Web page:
In 2009, Nolan Reimold broke onto the Orioles' major-league club in a big way. At age 26, Reimold put up a solid 116 OPS+ in over 400 plate appearances. We all believed that the Orioles' outfield would be locked up for years, with Reimold patrolling left to complement Adam Jones and Nick Markakis. The organization went so far as to release a three-piece bobblehead set featuring the trio in 2010. There was just one problem - Reimold wasn't even on the big-league club when his bobblehead was given out to complete the set.
At the end of that breakout 2009 season, with the Orioles' season long since lost, Reimold had surgery to repair an Achilles' tendon. In 2010, Reimold was probably rushed back from that injury a little too quickly, and combined with some off-field drama, his season was essentially lost. He put up a 67 OPS+ in just over 100 plate appearances, and finished out the season back in Triple-A Norfolk. "This has been the worst six months of my life," Reimold said, and fans were left wondering whether Reimold would end up as another flash-in-the-pan prospect who never quite panned out.
The Orioles started 2011 with both Luke Scott and Felix Pie available to play left field, seeming ready to force Reimold to earn his plate appearances. He only spent one short stint back at Triple-A, but he only made his way into 87 big-league games. He put up a 111 OPS+ in just over 300 plate appearances, for 0.7 WAR - not entirely struggling, but not exactly lighting the world on fire, either.
Cue 2012. Reimold was The Plan in left field, with Scott and Pie gone, and Endy Chavez as the Orioles' only insurance policy (don't even lie and say that you knew Nate McLouth was part of the plan). Reimold came out swinging, OPSing .960 in 16 games. However, he started missing games with neck and back spasms, issues that would eventually land him on the DL for the remainder of the season, with rehab attempts failing and Nolan eventually requiring surgery to fuse two vertebrae in his back.
The Orioles are entering 2013 with a more cautious approach. Nate McLouth has been re-signed, and provides a clear defensive and baserunning edge over Nolan. Reimold is going to need to prove that he can stay healthy and productive, and will probably need to earn at-bats as a DH, with spot starts in left, or even some work at first base (where he has taken reps before). The health is really obstacle number one, though. It's clear that Reimold can be a productive major leaguer if he can keep himself in the lineup, and it's not at all clear that McLouth's renaissance from 2012 will carry over to 2013. Reimold will have a chance to become The Guy for the Orioles again.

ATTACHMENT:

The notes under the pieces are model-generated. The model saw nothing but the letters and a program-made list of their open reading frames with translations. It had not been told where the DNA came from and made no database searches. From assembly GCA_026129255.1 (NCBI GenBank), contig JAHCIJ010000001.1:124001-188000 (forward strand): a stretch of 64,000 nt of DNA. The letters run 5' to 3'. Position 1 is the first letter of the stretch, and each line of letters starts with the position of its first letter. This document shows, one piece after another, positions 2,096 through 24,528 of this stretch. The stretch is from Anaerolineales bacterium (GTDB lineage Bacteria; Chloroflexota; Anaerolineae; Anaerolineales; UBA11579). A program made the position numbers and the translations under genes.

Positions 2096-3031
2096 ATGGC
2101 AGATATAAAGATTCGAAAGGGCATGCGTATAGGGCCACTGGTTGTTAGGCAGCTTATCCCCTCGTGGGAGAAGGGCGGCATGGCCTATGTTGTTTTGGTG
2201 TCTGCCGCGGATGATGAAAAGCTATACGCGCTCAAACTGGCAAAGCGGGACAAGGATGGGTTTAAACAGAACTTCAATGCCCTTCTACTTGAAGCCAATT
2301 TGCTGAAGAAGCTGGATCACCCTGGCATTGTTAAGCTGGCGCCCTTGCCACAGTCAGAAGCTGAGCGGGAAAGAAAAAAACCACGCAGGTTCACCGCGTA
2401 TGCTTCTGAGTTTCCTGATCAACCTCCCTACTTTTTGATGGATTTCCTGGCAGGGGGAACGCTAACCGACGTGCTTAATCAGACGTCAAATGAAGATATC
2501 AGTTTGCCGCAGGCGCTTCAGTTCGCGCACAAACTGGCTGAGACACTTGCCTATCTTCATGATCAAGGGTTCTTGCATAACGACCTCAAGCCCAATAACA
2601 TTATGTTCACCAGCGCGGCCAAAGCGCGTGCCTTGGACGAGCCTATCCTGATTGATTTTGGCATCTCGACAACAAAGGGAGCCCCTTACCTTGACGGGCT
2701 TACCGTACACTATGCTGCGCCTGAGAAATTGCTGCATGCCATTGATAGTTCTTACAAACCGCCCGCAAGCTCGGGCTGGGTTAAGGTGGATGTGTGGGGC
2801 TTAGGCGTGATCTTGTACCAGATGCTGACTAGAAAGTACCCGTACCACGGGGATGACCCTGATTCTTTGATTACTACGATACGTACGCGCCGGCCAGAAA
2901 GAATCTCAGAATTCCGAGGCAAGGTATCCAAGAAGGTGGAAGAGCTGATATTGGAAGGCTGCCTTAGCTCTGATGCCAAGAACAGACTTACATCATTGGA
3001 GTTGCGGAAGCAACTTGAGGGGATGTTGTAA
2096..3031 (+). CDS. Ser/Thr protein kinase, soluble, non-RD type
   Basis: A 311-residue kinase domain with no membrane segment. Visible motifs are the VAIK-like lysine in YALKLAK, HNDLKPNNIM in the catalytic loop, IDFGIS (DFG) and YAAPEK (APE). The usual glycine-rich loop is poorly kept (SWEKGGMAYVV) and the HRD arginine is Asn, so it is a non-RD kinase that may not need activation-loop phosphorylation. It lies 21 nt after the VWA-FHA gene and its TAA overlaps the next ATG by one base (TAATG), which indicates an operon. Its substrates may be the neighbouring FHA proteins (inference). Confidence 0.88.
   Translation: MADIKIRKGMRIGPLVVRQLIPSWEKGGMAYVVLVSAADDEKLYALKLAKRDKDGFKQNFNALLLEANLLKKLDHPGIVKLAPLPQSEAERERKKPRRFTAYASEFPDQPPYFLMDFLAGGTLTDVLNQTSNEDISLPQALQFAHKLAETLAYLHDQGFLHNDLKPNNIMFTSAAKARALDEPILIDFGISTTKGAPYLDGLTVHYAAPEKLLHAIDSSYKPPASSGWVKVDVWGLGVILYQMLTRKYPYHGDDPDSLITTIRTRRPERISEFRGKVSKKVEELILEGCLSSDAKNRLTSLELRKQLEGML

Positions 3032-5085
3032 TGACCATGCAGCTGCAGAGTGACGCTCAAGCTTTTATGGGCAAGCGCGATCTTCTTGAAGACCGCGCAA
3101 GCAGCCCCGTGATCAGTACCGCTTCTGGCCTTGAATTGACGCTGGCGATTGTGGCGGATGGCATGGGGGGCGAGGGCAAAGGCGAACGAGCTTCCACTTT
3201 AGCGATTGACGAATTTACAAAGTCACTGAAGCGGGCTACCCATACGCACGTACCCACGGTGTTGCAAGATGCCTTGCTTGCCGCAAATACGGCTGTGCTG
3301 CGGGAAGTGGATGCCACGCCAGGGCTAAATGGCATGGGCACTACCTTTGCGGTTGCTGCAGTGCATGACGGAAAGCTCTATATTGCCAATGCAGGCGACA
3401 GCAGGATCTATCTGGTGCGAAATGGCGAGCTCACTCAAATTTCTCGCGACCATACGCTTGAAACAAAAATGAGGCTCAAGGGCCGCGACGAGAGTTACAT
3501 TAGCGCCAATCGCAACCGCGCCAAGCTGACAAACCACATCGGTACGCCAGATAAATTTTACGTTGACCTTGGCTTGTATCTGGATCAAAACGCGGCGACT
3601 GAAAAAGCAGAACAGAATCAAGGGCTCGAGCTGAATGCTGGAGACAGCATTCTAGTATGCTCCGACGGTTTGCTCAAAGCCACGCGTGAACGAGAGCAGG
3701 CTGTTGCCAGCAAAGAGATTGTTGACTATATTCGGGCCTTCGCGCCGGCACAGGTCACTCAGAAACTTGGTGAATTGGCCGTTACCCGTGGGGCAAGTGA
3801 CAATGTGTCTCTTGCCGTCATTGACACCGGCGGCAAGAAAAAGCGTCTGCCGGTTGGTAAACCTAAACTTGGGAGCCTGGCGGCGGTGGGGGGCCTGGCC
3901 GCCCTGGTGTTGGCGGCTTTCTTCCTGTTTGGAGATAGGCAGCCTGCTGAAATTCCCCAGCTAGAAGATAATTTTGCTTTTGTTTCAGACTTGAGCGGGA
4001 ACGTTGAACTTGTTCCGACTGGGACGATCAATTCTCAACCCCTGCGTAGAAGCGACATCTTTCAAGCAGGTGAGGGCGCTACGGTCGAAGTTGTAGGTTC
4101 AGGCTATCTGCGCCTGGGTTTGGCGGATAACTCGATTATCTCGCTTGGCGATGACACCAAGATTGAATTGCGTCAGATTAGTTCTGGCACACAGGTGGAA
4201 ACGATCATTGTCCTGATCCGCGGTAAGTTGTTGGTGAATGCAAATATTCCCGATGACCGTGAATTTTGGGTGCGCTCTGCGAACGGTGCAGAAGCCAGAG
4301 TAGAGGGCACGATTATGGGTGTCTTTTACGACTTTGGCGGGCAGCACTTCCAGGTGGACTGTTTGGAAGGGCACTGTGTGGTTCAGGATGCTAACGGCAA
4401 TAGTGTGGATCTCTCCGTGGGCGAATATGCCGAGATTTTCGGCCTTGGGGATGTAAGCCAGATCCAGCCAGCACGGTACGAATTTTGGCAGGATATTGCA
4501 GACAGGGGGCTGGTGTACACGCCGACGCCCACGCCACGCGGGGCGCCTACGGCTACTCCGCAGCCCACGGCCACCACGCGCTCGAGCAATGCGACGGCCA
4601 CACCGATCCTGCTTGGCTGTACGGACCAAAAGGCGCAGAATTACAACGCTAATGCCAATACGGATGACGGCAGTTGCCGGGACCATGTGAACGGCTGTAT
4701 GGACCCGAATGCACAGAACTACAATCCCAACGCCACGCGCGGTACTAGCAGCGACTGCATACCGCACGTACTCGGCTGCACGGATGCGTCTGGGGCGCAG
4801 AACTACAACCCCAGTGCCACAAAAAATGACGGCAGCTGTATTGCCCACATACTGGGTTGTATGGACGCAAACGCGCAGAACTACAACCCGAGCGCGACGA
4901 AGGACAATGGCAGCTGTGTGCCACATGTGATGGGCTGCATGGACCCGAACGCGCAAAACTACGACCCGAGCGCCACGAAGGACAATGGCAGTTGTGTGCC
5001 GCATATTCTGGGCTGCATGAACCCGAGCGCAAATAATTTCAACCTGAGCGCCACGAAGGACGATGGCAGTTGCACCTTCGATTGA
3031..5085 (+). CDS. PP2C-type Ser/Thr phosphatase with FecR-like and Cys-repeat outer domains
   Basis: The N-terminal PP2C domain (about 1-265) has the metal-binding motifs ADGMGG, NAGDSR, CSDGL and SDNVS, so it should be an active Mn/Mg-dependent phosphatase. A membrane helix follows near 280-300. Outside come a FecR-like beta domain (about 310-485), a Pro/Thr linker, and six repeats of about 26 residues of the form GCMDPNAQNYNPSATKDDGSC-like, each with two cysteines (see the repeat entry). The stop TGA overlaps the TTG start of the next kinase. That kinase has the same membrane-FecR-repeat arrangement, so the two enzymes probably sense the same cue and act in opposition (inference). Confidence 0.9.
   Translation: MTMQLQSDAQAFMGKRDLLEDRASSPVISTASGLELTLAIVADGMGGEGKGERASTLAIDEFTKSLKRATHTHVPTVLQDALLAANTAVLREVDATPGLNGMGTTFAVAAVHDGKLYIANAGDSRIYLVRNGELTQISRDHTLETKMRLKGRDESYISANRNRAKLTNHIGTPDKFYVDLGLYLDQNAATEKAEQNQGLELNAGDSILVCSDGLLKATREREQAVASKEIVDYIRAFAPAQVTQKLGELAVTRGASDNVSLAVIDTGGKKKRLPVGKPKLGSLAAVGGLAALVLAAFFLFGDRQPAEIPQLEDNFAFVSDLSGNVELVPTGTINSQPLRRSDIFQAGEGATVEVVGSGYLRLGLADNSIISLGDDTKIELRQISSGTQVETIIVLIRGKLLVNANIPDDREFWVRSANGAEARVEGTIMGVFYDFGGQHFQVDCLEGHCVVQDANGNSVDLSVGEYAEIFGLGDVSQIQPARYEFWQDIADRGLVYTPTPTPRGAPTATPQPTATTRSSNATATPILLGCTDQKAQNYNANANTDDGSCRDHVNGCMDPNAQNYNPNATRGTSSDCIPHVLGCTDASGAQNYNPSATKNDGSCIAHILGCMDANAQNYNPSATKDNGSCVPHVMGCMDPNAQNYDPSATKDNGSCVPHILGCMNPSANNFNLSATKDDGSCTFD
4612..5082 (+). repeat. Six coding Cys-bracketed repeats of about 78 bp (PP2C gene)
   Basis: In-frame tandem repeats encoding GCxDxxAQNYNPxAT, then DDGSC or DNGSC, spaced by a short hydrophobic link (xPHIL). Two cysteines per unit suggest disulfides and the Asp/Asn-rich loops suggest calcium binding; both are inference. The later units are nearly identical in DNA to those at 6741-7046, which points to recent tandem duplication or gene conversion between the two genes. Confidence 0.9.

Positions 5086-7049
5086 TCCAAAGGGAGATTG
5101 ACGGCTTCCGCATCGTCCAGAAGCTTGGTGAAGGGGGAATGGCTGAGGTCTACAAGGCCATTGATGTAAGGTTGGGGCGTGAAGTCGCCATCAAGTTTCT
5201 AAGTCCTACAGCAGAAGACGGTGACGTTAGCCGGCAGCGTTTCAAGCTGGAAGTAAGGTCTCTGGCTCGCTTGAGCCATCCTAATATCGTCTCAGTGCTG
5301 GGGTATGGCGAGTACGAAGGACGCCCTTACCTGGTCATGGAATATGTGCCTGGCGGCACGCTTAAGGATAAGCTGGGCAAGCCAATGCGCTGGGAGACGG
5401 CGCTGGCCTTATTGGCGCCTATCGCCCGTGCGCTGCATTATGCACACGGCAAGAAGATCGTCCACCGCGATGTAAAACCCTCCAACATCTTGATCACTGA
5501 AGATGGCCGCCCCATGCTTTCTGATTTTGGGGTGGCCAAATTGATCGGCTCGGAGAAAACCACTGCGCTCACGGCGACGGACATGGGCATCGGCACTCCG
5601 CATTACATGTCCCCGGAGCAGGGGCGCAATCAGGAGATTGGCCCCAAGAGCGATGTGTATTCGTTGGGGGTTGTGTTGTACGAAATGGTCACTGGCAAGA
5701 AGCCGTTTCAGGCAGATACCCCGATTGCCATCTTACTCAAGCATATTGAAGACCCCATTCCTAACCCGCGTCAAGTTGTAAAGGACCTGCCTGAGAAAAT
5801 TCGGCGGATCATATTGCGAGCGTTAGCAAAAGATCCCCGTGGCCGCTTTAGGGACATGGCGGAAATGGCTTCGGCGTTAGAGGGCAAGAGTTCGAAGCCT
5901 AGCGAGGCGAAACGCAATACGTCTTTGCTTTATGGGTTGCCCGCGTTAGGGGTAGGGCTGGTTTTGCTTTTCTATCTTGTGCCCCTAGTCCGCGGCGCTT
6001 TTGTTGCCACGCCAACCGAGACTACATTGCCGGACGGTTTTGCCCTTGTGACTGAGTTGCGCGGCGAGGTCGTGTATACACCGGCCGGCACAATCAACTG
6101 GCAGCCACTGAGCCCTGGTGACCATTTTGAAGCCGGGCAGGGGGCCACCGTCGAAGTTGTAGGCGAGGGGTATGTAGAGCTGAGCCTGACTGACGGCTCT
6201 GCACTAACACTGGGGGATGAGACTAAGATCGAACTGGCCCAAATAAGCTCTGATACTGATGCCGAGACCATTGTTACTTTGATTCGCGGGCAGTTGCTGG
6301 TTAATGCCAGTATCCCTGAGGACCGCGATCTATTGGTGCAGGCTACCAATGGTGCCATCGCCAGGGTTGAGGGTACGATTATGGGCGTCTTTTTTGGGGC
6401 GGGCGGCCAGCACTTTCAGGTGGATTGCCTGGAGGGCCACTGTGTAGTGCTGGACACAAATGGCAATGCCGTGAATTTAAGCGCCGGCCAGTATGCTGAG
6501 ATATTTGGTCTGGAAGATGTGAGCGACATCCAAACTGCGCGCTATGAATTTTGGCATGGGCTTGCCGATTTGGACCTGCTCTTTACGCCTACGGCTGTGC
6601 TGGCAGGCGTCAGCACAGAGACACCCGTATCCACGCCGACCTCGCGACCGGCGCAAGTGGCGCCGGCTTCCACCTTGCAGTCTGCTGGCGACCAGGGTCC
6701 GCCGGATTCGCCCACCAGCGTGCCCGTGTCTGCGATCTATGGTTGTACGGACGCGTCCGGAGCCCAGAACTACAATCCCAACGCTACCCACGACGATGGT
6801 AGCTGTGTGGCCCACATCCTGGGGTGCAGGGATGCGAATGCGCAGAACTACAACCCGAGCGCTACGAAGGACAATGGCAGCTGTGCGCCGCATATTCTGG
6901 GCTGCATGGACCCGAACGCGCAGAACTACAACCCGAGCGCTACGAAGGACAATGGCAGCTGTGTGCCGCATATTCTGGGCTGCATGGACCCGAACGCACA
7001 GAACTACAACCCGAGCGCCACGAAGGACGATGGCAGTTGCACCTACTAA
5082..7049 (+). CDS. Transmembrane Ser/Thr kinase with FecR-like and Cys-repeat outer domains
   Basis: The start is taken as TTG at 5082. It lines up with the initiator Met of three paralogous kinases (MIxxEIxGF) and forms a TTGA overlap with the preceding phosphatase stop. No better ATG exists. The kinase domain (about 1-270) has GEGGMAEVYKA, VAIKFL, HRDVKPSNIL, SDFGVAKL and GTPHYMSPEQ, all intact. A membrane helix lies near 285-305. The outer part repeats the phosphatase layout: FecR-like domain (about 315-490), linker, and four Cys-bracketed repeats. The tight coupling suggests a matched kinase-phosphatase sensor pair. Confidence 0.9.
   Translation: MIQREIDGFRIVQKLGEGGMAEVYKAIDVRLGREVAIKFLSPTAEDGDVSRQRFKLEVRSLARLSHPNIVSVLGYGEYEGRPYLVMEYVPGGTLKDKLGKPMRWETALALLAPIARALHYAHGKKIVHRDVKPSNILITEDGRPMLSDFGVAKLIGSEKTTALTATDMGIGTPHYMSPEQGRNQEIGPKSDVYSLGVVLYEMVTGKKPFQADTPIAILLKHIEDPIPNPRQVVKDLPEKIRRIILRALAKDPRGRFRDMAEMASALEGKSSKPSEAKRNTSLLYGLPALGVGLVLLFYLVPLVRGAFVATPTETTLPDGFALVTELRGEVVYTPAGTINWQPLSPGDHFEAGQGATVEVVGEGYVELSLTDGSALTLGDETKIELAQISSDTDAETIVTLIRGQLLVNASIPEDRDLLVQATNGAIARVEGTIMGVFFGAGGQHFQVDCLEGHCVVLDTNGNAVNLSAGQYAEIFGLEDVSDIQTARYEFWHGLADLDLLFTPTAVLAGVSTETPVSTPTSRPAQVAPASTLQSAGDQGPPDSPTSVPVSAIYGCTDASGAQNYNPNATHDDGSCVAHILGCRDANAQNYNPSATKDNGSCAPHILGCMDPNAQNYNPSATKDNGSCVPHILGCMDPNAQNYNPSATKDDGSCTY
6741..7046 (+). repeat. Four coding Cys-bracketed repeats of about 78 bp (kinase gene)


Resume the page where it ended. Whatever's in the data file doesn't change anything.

Health is a tricky thing to forecast. Some players are clear injury risks in any given year (Roberts), and other injuries are clear flukes (Markakis). Reimold might be somewhere in between. His two major injuries to date have been totally unrelated, but neither was the result of a fluke on-field occurrence either. Nolan has said that he doesn't consider himself "injury-prone," but fans (and the Orioles front office) will need some convincing this year.
If I had to break out my crystal ball, I'd farecast 2013 as the year we finally get a season-long contribution from Nolan. I have to think it's likely that he needs to fight for at-bats to start the year, and that he makes at least one short DL trip. But I'll go on record as hopeful that Nolan gives the Orioles 450 plate appearances and clocks 25 home runs by the time it's all said and done. Even if that happens, it doesn't foretell that Reimold will have a long, productive career - he'll turn 30 this year, and this would be his first full big-league season. But it could go a long way toward replacing some of Mark Reynolds' lost production in the lineup right now, and I'd certainly take that.